This came out of the blue, off the cuff, just as you read it, when a friend on Facebook asked me to sum up in one point why I converted to Catholicism. This is probably the most succinct account you’ll ever read from me.
It’s hard to narrow down to just one. But I’ll give you three: The authority of the teachings, the catholicity and universality of the Church, and the historical continuity with all ages.
The first point, authority: Protestants believe in sola scriptura, that one’s doctrine and authority come from Scripture alone. But that means that ultimately understanding God’s Word is dependent on the individual conscience. It’s up to you to read it and decide what it means. Which left me constantly in the place of feeling lost and unworthy to come to any conclusion. Who was I to say one denomination was right and another wrong, when so many wise and intelligent people had been arguing over it for centuries? How could I have any certainty at all, about anything?
And I really don’t think Jesus would have left us in that pickle. There’s nothing in Scripture to suggest that anyone ever intended that. All through the Old Testament, God anointed priests and prophets and judges and kings to lead and instruct and guide His people. The prophets promised that He would send us shepherds after His own heart. And then, God Incarnate Himself comes! To reveal to us the fullness of divine Truth! And then — we’re left with a book? That we have to muddle through ourselves? It has no continuity with the rest of revelation. It seems completely out of character with God and anti-climactic to the history of salvation.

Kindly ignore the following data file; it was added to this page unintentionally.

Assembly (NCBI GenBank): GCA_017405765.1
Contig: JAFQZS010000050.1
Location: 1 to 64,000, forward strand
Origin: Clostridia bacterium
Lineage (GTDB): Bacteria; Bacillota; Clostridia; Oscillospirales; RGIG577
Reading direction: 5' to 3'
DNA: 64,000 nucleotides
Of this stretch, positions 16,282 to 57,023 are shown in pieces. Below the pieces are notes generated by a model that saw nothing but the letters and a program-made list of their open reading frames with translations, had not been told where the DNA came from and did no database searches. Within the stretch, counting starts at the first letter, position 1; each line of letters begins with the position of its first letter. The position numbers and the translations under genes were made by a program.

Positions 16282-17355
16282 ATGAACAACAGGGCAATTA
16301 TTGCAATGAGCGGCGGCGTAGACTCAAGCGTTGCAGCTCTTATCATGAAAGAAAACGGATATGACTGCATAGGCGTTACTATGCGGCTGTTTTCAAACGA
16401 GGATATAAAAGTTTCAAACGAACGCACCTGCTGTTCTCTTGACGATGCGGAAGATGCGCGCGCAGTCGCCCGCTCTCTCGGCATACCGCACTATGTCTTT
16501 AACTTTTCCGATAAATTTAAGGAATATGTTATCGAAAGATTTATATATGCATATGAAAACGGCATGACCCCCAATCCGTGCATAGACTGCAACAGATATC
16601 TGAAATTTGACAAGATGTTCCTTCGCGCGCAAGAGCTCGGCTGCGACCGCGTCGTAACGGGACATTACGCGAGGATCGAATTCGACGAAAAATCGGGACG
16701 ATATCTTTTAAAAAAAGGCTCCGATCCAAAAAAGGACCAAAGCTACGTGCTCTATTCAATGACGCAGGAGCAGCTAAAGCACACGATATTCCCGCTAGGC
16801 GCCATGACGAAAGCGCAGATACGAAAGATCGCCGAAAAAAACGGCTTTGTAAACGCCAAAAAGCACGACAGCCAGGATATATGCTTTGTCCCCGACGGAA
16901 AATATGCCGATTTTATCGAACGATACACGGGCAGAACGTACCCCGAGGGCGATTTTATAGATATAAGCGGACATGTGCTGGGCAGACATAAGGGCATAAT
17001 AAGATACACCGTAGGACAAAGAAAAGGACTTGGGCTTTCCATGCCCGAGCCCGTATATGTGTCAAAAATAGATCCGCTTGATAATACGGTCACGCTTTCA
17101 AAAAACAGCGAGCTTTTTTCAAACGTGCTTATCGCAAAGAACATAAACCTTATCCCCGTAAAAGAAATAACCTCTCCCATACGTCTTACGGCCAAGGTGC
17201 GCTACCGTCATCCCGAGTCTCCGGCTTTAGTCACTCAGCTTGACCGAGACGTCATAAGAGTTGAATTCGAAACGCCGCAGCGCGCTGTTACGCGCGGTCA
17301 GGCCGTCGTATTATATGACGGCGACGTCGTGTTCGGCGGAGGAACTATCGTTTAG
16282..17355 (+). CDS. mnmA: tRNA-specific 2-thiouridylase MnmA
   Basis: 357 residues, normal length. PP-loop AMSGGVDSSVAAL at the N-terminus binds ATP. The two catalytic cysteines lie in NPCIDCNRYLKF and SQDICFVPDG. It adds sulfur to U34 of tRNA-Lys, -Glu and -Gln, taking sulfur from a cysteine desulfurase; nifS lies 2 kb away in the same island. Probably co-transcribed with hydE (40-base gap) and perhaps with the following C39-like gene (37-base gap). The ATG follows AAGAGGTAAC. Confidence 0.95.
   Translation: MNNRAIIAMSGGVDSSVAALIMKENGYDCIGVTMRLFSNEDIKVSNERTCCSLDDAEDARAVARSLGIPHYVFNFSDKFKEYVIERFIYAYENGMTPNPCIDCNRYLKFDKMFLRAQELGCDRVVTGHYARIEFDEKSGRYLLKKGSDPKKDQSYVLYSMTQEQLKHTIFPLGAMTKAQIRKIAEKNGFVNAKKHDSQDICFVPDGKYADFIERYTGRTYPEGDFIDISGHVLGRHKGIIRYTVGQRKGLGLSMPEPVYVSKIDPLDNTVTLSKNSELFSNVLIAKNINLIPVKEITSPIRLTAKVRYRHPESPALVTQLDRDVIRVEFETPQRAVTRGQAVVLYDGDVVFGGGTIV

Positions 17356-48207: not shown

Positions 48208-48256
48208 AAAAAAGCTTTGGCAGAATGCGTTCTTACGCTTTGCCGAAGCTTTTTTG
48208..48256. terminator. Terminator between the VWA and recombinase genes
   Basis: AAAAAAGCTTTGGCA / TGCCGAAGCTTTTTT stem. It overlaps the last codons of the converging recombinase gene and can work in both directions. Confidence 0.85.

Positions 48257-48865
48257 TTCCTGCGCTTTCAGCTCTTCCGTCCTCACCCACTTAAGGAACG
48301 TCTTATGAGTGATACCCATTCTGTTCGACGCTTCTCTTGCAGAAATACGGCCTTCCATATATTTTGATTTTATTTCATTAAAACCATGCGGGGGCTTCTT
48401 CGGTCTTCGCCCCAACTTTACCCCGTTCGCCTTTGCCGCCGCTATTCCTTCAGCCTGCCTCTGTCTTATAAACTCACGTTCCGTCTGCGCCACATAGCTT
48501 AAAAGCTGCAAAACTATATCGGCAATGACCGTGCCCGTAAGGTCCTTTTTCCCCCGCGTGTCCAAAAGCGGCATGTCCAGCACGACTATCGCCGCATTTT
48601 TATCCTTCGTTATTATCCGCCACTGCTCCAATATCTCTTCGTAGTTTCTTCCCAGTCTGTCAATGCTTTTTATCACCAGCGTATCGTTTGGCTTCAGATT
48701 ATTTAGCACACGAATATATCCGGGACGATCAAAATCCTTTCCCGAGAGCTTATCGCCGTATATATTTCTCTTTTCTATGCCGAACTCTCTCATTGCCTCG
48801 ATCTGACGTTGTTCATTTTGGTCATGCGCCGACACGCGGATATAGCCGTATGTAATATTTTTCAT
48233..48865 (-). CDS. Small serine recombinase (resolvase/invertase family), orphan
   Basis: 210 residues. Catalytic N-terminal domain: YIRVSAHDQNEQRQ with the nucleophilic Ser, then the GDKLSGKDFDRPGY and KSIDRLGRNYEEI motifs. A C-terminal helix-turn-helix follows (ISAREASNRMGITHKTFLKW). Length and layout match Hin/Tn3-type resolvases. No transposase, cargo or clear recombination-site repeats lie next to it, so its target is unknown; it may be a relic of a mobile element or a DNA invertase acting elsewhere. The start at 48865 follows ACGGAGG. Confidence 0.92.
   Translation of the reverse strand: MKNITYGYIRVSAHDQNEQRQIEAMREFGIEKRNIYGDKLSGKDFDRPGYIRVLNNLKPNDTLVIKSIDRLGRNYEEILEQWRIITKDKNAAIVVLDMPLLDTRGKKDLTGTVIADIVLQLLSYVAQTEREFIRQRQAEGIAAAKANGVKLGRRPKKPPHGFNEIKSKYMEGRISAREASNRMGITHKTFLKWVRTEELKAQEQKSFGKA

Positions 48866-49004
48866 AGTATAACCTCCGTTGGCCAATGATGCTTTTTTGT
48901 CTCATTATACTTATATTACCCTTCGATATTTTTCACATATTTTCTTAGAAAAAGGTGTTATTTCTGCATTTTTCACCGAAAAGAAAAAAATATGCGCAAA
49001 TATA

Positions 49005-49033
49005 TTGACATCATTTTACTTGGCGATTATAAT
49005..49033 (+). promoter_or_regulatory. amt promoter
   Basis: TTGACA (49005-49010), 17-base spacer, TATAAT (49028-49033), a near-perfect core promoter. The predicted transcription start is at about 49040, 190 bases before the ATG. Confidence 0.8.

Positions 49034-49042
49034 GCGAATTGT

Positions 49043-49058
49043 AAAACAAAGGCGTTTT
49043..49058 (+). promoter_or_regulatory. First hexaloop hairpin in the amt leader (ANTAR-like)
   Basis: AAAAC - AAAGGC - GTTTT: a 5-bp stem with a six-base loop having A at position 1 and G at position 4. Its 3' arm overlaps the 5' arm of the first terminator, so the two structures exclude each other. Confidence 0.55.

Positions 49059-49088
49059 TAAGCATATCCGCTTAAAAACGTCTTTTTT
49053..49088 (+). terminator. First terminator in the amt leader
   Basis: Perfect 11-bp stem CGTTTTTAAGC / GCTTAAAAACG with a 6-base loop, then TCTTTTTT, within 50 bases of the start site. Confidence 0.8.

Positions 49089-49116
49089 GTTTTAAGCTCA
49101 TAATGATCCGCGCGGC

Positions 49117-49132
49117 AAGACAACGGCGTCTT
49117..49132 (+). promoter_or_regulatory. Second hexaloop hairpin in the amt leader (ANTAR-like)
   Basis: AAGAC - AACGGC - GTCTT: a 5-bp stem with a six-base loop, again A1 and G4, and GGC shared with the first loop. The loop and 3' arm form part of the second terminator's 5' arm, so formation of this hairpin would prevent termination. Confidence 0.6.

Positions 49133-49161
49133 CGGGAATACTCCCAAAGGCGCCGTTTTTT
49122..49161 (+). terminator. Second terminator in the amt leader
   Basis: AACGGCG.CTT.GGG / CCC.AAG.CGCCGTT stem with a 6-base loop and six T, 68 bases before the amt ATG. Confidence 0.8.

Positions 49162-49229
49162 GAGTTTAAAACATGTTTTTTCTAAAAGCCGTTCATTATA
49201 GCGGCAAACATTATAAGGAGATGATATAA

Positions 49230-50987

But from the very first century, even suggested in Scripture, the Church has believed in apostolic succession — the idea that Christian teachings, and the authority to teach them, were passed down from the Apostles to the bishops and down through the ages. That seems entirely more in character, after the succession of Aaronic priests and the Davidic line of kings. Christ told the Apostles that when they spoke, their word would be as His, with all the same authority. And the whole foundation of Catholic teaching is that that authority never went away. There’s still an authoritative Church, guided by the Holy Spirit, with the authority to teach us.
And the second one, the universality: “Catholic” means “universal.” And in Scripture Paul talks repeatedly about us being the Body of Christ, one through our Baptism and through the sharing of the One Bread. And the Catholic Church is spread worldwide, and in any place I could go, it would be the same liturgy, the same belief, the same doctrine — the same One Bread. And there would be brothers and sisters who would welcome me and embrace me. And it’s not just universal around the world — it’s universal through the ages. With all the believers who’ve ever lived. United by that One Bread.
And the Protestant churches have no concept at all of that. There are 40,000+ Protestant denominations, and that’s not even counting “nondenominational” churches. It’s hip not to be affiliated with anybody, just to be a splinter with no attachments to anything bigger and no accountability to any authority.
And the third one, you get: Historical continuity. Both in terms of events and in terms of doctrine. Everything the first century Church believed, we believe today. Everything we believe today, the first century Church had at least some notion of. And all the events, all the developments, all the heroes and saints and brothers and sisters, are connected. Whereas for most Protestants, history began from nothing in 1517. They can’t explain where their faith came from, other than point to the Bible. But how did the Bible come to them?
I was thinking yesterday: Protestantism is the ultimate reboot. Like with Batman or Superman or Star Trek, they decided they didn’t like how the story was going, so they took the original source material and started over, re-reading it all in a new light and re-inventing it how they wanted it. With no connection at all to anything that had happened before.